Disc-on-bow brooches

Northern Germanic, 6th century AD
Found on the island of Gotland, Sweden

Female costume jewellery

These are gilded copper alloy disc-on-bow brooches, decorated with cloisonné garnets, discs of white paste, beaded wire and punched, geometric patterns. Their foot-plates are flanked by two ‘Style II’ bird heads. Some garnets are lost and finely patterned gold foils can be seen in some of the empty cloisonné cells. The gold foils would have reflected the light through the garnets.

The jewelled disc riveted to the central bow of each brooch distinguishes this elaborate type and is a development of earlier bow brooches. The new style shows that Scandinavian craftsmen adopted the cloisonné technique, which was introduced through contacts with the Continent. Dies for impressing the patterned gold foils have recently been found in Denmark and Friesland, indicating the probable route along which the style spread.

Contemporary representations of women found on such items as repoussé gold foil plaques, show disc-on-bow brooches worn horizontally at the neck to fasten a cloak. They probably indicated the high social status of their owners. Exceptionally large versions made later, in the sixth to eighth centuries, in Gotland and central Sweden may have been produced as cult objects.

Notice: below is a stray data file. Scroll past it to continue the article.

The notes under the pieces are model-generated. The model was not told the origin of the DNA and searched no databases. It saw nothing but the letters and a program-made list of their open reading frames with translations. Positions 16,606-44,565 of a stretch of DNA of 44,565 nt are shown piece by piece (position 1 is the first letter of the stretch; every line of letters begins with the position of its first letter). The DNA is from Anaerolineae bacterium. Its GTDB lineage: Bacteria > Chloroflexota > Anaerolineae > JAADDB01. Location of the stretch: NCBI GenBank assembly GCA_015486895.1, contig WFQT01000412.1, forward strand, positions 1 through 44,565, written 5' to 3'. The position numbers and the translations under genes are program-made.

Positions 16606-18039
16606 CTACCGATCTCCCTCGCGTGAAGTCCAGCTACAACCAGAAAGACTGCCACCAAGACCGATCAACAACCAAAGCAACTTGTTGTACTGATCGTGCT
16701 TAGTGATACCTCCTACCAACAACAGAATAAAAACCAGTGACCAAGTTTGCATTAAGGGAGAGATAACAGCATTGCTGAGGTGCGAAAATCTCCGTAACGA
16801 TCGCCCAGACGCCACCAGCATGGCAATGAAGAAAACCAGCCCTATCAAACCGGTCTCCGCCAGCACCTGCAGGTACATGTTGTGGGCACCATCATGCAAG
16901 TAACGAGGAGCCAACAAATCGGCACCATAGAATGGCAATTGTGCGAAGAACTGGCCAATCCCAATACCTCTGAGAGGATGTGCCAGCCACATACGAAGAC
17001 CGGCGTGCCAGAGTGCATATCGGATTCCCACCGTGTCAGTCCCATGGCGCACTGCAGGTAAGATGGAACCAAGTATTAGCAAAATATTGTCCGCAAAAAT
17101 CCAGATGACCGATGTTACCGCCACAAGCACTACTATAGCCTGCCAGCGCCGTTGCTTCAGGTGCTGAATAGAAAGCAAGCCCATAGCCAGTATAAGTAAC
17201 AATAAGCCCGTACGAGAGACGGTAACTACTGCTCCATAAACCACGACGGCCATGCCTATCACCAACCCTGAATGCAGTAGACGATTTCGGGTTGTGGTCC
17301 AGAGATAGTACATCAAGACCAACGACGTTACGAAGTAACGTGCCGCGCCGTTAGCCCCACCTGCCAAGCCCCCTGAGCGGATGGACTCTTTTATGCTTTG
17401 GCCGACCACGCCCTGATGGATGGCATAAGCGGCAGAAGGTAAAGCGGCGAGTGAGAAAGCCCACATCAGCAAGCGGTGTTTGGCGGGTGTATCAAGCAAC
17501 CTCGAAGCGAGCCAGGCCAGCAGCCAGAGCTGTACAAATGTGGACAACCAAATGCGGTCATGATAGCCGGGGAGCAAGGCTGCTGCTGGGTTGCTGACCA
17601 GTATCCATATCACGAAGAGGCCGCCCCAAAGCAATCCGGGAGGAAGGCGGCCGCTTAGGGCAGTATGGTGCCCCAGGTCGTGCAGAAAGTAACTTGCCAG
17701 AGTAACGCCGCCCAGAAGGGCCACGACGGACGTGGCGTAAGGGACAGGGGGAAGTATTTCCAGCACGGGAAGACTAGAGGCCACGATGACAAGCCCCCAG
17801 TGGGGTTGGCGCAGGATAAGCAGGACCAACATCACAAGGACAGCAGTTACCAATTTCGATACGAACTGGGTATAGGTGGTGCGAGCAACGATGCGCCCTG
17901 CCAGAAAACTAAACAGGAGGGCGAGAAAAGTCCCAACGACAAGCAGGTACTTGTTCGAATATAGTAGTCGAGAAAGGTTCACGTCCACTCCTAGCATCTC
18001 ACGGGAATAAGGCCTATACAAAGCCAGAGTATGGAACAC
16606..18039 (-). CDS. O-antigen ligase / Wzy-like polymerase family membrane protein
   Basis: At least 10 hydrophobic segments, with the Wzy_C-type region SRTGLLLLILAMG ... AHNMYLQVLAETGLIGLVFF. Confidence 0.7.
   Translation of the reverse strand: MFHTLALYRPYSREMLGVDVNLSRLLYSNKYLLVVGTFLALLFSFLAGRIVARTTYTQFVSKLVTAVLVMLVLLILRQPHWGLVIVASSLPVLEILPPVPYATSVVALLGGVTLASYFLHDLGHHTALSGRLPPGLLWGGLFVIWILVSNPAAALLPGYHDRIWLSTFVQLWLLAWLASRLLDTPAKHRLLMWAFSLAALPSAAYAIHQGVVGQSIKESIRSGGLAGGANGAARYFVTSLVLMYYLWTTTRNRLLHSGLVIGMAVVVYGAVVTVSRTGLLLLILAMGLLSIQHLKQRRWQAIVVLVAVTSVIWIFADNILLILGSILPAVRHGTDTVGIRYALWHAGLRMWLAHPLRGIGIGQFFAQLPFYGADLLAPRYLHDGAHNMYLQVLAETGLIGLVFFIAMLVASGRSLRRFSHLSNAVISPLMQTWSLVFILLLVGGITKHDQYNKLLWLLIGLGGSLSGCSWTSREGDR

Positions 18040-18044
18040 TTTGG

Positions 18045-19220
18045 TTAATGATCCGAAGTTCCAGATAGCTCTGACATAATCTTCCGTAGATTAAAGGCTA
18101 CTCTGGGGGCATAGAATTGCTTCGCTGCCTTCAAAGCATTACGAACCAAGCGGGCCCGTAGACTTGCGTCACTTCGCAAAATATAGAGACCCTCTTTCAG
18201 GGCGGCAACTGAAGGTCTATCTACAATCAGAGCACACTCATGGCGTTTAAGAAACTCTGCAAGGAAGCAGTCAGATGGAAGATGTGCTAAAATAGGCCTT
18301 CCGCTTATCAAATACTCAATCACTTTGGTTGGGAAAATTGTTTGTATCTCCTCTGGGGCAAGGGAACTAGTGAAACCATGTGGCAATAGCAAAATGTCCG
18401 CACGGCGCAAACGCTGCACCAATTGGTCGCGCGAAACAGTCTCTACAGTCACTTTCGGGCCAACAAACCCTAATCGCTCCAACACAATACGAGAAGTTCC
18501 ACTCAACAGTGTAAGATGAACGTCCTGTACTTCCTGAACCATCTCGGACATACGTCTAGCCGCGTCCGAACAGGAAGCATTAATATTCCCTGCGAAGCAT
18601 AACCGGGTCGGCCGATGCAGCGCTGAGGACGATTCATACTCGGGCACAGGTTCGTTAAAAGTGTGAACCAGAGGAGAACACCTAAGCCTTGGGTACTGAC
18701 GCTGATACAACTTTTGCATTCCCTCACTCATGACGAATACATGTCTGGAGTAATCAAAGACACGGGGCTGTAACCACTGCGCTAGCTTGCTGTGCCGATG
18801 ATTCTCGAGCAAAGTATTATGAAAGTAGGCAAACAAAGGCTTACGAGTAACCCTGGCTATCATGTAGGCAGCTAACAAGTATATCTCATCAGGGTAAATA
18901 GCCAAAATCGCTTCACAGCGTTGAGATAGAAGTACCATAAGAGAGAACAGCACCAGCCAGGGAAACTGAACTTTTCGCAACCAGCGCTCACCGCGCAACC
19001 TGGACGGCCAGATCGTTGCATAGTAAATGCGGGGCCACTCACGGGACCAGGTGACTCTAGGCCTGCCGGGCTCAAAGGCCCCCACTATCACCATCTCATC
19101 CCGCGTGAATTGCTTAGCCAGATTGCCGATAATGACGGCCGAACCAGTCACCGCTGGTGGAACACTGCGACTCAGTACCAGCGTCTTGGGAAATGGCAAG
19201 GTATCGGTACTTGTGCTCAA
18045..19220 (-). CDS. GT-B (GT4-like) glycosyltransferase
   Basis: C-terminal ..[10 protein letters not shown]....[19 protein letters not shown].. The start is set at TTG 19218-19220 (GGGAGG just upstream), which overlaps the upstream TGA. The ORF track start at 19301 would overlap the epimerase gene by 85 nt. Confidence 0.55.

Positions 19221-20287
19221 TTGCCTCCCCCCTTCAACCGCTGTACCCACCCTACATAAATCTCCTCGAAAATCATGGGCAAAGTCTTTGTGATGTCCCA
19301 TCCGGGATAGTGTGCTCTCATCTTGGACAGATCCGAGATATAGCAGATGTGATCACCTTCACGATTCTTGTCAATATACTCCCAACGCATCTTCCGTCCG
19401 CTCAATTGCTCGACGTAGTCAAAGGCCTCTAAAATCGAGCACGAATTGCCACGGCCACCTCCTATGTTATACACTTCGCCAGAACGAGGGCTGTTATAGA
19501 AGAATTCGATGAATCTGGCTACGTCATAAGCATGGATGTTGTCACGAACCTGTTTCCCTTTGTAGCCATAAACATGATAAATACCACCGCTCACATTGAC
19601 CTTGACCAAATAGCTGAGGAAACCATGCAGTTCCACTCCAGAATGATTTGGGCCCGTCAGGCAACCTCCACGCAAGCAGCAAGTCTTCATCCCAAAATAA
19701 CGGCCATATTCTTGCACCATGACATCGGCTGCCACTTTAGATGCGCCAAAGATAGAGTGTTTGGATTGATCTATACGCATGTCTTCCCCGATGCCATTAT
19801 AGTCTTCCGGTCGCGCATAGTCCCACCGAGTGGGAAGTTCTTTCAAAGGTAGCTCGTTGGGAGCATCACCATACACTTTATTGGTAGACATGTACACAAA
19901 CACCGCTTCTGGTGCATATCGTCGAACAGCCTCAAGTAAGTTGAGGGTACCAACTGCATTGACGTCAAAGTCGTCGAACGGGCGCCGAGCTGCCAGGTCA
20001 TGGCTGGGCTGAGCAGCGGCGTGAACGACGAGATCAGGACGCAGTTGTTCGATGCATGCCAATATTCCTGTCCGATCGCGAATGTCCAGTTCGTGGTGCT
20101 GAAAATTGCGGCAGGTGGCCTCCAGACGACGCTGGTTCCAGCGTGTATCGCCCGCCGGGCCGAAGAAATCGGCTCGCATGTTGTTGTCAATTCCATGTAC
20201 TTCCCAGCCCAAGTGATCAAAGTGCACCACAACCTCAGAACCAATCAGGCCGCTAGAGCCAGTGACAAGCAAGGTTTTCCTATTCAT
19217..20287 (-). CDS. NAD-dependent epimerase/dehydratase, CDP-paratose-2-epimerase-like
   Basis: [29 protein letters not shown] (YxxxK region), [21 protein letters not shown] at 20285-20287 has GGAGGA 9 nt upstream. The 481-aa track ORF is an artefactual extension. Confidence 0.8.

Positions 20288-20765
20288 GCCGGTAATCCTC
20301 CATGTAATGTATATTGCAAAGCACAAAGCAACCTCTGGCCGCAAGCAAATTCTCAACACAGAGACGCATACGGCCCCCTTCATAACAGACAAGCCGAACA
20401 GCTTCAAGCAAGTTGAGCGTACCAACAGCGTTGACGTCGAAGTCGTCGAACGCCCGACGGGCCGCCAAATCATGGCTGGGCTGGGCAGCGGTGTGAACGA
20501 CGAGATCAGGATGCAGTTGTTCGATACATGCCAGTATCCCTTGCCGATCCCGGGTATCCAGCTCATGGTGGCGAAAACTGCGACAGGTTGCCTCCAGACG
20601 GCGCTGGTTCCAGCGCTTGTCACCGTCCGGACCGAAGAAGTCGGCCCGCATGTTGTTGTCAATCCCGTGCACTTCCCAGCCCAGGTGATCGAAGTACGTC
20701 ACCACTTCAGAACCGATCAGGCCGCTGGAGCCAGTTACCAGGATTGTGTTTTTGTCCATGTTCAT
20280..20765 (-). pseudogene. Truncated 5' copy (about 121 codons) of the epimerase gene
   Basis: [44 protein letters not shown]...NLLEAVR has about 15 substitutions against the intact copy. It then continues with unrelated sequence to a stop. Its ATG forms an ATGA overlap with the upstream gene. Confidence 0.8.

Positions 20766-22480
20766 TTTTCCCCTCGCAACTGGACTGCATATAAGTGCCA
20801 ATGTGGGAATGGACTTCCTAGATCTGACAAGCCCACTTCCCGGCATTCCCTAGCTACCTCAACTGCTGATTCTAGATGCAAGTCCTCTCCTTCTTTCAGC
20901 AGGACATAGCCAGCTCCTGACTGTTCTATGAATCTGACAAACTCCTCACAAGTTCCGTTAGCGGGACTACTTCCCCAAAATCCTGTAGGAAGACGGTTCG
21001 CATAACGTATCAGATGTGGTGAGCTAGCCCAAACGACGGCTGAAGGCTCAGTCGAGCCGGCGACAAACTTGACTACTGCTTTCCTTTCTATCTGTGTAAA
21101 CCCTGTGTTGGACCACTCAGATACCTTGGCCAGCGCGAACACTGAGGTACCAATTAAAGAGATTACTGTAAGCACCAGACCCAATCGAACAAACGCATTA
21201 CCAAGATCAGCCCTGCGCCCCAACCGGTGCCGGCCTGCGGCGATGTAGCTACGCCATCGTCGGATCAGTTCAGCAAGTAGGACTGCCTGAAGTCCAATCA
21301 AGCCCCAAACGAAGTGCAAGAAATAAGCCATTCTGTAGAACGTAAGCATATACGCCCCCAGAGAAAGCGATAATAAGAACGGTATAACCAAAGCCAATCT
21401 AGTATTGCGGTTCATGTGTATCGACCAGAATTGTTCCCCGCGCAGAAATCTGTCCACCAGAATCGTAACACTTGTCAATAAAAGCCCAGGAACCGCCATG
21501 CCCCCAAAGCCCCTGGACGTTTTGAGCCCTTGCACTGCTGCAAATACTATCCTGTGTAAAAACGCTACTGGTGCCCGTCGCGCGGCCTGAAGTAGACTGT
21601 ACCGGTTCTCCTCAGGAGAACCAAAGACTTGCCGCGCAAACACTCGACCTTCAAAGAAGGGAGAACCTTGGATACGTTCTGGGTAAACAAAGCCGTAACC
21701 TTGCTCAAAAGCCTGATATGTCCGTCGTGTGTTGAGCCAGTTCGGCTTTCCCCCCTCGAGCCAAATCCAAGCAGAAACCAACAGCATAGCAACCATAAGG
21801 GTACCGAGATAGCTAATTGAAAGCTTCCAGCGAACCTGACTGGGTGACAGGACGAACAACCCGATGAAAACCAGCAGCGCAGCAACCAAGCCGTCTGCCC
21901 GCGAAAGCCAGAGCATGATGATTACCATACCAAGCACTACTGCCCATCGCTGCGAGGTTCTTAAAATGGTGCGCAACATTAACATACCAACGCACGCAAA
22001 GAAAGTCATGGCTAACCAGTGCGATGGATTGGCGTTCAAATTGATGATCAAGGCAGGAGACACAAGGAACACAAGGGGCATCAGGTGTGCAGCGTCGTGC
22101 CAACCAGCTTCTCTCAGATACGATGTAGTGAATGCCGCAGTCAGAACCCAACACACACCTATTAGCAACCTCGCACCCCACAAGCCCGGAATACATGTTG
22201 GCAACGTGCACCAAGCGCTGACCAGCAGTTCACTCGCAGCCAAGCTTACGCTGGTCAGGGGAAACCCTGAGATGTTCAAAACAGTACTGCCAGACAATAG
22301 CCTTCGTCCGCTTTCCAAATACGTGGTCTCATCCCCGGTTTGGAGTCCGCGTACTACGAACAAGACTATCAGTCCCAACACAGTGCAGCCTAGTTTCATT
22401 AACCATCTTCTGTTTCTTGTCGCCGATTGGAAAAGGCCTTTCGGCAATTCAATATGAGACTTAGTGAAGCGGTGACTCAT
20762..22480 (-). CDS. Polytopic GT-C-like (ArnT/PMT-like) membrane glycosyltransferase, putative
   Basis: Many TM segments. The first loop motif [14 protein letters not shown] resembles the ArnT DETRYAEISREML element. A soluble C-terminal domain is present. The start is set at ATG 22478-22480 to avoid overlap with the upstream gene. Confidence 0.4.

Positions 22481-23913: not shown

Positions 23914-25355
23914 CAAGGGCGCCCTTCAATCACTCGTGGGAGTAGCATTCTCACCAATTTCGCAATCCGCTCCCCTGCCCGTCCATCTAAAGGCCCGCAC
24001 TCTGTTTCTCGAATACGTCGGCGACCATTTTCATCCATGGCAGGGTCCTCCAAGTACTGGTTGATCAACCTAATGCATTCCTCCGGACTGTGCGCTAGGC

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More information


H. Tait (ed.), 7000 years of jewellery (London, British Museum Press, 2006)

S. Marzinzik, Masterpieces: Early medieval a (London, British Museum Press, 2013)


Length: 8.500 cm

Museum number

M&ME 1921,1101.218, 220, 221


Purchased with the assistance of the National Art Collections Fund

Britain, Europe and Prehistory
1921,1101.218, 220 and 221


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